The Wolfman or Change You Can’t Believe In
And again, Scrimshander regards the modern cinema:
If The Wolfman has one problem (which isn’t the case) then it’s not that it betrays the original (which is no Bride of Frankenstein) nor that the décor dictates the action at every turn (which is true) but that the décor proves so deadening, composing an unbroken fabric of picturesque gloom that extends over the woods, the town, the city streets, and into an ancestral home, Talbot Hall, which may as well be Castle Dracula. While the original Wolf Man (1941) makes much of Lawrence Talbot’s movements between his family home and the surrounding woods, coded as light and dark, the remake draws barely any distinction at all between culture and anarchy. The old house has every appearance of long disuse and coffin-like gloom despite the continued presence of the patriarch, Sir John, played with check-cashing abandon by former actor Sir Anthony Hopkins. The cobwebbed and leaf-strewn interiors, decked out with musty antiques and grotesque hunting trophies, look no less wild than the wilderness itself, where excess specimens of masonry and sculpture have apparently been dumped to gather moss. It’s a period piece that takes place among ruins, as if the past were remote and half-decayed even to itself. The incursion of the supernatural barely registers because everything looks haunted; the heavy-handed art direction has already turned all the world into one great mildewed garden store. There is no sense of the ordinary, however Victorianized, from which to depart. Dreamy pastel skies intrude on the gloom when Emily Blunt is around, but otherwise every frame says period, gothic, horror with a monotonous insistence that leaves little room for what the werewolf subgenre is ostensibly about: transformation.
Perhaps the monotony is symptomatic. The original film tells the story of a male hysteric: Lawrence Talbot returns home from the frightening modern world (he’s British, it’s 1941) only to displace his anxieties onto the gypsy superstitions intoned by Maria Ouspenskaya. The original Sir John Talbot (Claude Rains) is not a hypocritical monster but a firm rationalist whose incomprehension of the son’s sickness (whether we’re psychologizing or not) leads him to insist, admonish, and finally bludgeon out of sheer intractable realism. Oedipal to different ends, the remake reveals Sir John as a son-biting werewolf who murdered Lawrence’s sainted mother. This time the world is hysterical; the law of the jungle matches the law of the father, who expounds about releasing the beast through his wolfishly unkempt beard. So, has the film processed the disillusioned climate of the recession into a story of poisoned origins or is it just that easy to project a sadly muddled world onto a sadly muddled film?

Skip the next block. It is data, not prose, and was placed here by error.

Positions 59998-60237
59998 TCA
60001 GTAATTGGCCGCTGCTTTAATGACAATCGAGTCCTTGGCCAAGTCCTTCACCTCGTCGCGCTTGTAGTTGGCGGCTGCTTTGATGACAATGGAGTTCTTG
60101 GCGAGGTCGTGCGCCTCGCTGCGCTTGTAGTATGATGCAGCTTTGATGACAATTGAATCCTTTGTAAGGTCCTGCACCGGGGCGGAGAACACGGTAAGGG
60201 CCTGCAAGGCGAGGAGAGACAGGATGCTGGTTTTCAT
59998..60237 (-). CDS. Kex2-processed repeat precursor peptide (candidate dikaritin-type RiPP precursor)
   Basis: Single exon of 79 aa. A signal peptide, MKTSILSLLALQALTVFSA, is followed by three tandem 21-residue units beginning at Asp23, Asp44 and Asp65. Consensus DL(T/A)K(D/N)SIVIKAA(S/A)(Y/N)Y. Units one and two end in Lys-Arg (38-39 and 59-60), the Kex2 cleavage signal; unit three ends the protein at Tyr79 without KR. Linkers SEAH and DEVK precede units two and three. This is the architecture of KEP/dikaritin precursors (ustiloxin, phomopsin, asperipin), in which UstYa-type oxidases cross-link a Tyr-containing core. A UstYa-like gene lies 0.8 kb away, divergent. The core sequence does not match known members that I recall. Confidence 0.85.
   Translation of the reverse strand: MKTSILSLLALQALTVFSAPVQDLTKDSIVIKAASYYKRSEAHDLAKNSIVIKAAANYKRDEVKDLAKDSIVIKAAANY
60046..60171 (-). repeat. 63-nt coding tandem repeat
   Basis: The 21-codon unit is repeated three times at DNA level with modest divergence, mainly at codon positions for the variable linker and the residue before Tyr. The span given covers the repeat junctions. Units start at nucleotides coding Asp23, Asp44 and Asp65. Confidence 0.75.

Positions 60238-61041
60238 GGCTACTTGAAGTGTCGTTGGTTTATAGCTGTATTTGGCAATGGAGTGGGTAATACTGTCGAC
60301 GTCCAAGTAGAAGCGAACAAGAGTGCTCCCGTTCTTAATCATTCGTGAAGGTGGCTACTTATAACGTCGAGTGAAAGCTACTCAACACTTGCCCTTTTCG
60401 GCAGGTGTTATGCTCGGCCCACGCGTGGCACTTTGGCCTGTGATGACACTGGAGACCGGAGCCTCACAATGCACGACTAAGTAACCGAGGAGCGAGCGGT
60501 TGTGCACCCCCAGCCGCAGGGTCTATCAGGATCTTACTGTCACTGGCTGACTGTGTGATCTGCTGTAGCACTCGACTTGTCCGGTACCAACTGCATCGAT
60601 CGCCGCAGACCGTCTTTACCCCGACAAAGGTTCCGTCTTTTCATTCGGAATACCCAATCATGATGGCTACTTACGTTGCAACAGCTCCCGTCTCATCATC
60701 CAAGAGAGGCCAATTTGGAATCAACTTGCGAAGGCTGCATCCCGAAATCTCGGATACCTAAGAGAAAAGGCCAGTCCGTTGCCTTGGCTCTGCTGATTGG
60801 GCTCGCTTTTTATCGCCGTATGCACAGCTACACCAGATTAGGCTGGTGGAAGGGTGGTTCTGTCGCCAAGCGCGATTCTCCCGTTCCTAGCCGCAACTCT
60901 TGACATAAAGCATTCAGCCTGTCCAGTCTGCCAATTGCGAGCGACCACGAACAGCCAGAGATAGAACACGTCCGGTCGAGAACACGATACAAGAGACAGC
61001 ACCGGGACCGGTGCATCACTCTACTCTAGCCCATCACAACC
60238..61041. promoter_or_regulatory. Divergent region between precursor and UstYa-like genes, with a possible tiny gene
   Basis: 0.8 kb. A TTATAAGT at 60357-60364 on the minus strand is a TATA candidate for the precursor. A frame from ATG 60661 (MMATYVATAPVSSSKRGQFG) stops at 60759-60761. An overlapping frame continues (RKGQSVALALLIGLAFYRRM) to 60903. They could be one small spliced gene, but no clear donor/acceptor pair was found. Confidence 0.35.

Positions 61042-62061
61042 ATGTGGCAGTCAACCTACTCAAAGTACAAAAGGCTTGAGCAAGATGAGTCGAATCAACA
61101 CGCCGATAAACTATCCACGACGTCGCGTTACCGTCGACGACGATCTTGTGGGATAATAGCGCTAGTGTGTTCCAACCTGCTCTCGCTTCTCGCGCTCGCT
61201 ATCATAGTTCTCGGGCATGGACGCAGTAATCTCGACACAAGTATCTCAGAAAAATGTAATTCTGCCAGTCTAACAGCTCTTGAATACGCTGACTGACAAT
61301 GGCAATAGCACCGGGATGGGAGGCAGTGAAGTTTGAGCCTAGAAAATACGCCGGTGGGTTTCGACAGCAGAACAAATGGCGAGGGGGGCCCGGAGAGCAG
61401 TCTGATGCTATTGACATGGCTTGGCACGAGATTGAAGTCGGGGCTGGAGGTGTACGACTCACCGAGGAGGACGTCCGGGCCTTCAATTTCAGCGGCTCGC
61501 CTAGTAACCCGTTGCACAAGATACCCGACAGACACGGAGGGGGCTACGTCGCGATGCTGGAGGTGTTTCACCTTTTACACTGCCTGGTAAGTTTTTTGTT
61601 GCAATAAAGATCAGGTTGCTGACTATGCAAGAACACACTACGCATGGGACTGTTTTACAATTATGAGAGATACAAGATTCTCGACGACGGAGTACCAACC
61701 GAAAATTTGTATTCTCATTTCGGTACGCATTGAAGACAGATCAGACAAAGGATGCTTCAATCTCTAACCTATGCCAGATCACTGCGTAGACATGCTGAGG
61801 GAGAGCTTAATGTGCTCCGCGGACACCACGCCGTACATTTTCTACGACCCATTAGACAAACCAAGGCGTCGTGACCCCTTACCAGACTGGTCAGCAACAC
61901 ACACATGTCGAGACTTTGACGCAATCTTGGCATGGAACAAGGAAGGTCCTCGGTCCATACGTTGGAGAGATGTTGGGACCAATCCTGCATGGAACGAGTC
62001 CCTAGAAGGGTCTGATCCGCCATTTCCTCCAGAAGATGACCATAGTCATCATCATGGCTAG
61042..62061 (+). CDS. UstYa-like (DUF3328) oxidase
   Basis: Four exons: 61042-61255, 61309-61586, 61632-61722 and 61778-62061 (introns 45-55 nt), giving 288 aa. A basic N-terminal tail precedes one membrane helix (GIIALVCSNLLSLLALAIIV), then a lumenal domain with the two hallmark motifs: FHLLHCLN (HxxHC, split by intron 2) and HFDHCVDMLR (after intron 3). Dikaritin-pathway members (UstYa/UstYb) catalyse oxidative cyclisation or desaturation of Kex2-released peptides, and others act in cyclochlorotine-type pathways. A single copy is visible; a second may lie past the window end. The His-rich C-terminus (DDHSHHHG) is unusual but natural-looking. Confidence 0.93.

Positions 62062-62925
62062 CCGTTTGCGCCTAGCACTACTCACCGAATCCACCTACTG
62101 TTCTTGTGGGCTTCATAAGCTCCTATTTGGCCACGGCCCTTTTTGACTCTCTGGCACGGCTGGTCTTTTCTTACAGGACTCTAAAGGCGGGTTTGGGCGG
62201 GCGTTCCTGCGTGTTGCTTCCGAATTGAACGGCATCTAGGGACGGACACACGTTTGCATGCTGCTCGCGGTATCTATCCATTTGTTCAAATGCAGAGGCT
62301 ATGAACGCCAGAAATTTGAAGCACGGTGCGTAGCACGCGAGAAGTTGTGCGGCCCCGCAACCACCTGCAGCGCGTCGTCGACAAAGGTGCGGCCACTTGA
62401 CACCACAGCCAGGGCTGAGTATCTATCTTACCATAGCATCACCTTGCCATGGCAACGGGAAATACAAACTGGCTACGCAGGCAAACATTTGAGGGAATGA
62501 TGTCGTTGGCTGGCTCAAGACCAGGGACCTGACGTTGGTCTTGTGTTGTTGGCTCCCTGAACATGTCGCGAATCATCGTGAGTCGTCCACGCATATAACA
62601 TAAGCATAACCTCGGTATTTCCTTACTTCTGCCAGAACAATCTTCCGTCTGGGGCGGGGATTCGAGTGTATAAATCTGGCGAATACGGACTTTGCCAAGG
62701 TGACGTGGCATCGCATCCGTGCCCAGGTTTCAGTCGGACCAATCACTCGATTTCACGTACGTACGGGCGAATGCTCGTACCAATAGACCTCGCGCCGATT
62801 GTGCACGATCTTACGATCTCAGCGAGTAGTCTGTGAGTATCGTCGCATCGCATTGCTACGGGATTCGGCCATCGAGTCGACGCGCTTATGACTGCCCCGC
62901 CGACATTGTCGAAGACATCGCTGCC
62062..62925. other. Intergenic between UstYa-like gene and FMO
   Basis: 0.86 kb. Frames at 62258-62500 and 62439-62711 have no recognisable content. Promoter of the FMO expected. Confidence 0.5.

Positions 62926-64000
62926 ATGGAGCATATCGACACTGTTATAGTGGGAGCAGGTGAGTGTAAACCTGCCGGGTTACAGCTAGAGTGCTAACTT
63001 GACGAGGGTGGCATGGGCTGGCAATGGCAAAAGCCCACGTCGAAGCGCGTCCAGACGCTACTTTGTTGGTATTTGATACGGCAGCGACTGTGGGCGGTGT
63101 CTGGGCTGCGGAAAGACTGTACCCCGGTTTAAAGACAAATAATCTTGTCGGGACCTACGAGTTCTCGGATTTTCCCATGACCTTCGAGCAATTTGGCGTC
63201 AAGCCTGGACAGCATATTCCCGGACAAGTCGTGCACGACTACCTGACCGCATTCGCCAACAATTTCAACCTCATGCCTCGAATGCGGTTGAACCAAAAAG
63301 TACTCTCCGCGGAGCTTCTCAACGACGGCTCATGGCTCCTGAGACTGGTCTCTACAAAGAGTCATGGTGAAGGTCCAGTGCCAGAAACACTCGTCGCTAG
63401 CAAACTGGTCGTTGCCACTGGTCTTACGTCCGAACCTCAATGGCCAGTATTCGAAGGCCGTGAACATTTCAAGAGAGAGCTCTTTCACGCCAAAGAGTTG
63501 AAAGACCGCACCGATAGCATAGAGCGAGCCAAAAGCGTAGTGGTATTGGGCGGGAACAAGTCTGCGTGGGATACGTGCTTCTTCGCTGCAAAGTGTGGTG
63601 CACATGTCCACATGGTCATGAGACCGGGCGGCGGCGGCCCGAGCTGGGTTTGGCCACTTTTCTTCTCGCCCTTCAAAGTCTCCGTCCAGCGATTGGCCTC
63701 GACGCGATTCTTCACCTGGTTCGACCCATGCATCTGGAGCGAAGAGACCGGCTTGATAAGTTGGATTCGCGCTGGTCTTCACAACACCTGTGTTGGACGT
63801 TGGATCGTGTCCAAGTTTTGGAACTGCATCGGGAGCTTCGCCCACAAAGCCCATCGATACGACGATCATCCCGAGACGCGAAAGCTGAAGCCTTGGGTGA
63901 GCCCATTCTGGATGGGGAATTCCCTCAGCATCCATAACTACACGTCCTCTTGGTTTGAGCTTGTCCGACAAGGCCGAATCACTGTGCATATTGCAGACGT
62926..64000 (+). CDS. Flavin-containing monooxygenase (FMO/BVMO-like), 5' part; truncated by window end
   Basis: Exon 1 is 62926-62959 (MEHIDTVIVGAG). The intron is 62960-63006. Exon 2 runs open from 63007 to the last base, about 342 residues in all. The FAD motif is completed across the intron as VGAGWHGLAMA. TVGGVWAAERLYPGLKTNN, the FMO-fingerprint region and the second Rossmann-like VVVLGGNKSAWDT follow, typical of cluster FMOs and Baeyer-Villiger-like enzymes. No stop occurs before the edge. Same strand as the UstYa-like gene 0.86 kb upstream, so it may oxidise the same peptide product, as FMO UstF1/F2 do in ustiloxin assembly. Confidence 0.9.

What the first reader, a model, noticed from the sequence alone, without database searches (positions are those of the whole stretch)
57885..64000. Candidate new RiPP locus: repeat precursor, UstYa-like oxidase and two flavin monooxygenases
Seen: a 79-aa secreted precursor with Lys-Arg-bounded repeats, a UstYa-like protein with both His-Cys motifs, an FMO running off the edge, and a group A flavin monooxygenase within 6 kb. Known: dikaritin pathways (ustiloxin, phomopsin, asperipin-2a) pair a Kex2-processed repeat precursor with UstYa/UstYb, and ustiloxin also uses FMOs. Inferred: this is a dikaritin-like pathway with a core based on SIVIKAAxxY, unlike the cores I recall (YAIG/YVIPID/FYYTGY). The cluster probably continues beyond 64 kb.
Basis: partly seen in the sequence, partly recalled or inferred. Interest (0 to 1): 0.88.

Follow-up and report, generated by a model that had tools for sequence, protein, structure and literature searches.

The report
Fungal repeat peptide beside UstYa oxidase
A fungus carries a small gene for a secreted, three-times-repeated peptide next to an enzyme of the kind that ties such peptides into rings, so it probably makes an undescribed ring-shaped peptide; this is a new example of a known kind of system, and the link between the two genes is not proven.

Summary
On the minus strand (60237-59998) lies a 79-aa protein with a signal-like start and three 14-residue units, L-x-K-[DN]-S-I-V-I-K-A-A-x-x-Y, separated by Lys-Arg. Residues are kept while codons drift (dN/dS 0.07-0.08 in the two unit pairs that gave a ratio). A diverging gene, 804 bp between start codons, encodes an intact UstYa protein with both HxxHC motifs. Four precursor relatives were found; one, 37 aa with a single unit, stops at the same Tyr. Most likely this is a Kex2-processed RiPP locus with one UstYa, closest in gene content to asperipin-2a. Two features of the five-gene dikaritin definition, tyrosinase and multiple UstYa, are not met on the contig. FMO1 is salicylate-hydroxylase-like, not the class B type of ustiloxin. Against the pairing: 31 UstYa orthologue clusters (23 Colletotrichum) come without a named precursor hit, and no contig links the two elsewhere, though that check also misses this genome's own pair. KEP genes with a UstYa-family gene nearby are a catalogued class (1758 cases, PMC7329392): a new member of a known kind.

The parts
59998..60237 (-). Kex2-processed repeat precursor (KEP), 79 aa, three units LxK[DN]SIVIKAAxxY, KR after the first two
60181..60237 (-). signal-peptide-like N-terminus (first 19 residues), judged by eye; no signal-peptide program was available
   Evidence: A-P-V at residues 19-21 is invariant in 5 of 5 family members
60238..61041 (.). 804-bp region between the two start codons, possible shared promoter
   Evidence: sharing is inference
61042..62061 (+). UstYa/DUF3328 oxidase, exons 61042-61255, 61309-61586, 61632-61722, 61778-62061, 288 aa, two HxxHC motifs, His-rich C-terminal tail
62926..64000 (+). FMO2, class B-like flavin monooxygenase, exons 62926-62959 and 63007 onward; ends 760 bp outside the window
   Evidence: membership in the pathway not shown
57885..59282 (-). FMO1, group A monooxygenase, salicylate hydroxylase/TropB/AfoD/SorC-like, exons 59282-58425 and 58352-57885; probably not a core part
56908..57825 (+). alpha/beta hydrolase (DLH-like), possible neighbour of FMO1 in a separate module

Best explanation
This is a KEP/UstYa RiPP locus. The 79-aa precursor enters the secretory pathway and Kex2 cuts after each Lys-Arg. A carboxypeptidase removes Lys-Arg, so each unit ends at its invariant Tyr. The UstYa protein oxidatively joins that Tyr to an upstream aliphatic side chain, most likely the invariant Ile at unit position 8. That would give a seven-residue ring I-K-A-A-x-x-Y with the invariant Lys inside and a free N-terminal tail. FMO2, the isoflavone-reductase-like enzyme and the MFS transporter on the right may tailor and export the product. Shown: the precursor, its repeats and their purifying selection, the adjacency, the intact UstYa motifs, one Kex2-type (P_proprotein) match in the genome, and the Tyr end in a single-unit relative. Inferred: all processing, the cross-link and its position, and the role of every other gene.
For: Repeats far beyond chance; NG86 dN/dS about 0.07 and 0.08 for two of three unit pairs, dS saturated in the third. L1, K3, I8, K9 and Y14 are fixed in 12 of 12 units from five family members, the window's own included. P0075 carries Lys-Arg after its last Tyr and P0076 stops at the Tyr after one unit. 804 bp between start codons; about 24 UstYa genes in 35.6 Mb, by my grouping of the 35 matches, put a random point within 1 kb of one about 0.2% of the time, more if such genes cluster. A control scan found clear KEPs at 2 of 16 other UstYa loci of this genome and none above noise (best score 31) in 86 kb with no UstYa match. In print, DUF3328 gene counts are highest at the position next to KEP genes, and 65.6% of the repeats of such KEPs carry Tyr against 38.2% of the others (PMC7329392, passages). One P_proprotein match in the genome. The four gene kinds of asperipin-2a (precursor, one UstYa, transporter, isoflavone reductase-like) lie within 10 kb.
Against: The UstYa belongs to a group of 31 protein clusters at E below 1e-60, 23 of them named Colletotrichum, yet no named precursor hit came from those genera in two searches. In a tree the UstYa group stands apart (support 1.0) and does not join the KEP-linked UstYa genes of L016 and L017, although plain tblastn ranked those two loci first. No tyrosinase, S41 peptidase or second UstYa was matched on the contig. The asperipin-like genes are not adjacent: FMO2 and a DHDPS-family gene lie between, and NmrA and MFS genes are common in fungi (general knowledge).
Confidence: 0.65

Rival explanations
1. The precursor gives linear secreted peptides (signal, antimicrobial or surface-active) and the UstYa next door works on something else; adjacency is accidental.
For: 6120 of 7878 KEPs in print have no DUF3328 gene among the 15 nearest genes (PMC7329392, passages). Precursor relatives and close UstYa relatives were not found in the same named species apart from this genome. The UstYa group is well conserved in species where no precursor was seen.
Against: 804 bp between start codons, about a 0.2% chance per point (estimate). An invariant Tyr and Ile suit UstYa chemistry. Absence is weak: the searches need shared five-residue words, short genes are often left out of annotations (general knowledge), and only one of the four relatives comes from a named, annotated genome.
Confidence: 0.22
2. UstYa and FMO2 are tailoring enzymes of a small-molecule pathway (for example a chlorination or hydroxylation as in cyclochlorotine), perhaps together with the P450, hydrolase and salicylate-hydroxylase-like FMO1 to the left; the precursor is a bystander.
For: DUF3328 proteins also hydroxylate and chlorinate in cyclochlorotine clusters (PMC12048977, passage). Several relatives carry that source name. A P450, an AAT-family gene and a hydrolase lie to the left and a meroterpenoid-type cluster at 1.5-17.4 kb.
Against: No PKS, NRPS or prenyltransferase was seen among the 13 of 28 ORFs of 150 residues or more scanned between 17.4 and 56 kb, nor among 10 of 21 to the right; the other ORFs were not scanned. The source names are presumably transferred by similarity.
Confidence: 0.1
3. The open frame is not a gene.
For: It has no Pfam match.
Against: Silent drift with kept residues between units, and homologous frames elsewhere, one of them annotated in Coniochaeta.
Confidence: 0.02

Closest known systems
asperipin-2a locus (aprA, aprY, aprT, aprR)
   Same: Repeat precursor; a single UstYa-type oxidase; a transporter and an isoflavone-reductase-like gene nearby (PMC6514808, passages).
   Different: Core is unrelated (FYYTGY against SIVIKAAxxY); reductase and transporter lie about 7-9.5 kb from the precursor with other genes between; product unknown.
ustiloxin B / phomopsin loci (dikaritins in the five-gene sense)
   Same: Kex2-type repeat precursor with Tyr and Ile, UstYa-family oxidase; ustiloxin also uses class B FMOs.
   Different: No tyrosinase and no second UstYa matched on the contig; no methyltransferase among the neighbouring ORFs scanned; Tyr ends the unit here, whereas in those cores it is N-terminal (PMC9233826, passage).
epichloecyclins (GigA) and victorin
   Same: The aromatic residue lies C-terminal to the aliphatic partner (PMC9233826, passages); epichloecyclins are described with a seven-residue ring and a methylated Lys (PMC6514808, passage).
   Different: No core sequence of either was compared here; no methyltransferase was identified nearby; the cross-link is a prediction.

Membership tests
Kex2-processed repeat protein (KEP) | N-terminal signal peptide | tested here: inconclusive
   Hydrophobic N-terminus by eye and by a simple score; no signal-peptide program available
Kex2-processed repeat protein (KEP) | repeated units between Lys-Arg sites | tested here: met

The strange thing is that Joe Johnston has directed a number of films about the eruption of nature within the comfy domestic circle, including Honey, I Shrunk the Kids, Jumanji, and more recently Jurassic Park III, family comedies framed as adventure stories in which the forces of the adult world appear as giant creatures on the rampage. It’s tempting to think that The Wolfman plays as a belated coming of age story because Johnston has grown too accustomed to grafting interchangeable perils onto this Spielbergian theme. Then, it’s probably easier view the adult world through childish eyes than to return with an adult sensibility to the now child-like world of the monster film, a genre dominated by innocents who either don’t know their own destructive power (Frankenstein, The Wolf Man) or at least can’t see beyond their own longing (Dracula, The Mummy). For the most part, maybe for this reason, we live in a twilight of the monsters. The great lycanthropic film of our time is not The Wolfman but Wallace and Gromit: The Curse of the Were-Rabbit. Gromit, a proxy for the genre-literate viewer, furrows his brow as the human characters tumble through the plot and pantomimes the same urgent warnings that a plot-savy child might shout at the screen (equally unheeded, for the most part). Of course, he instantly drops his guard whenever Wallace puts himself in danger, passing instantly from aloofness to concern as the film leaps from parody to homage. Were-Rabbit displays the knowledge that familiar genre trappings, however silly, will elicit Gromit’s combination of knowing distance and instinctive canine loyalty, and the film maneuvers between these states with surgical precision instead of leaving it all to camp and credulity. Honorable mention to Dog Soldiers and Ginger Snaps.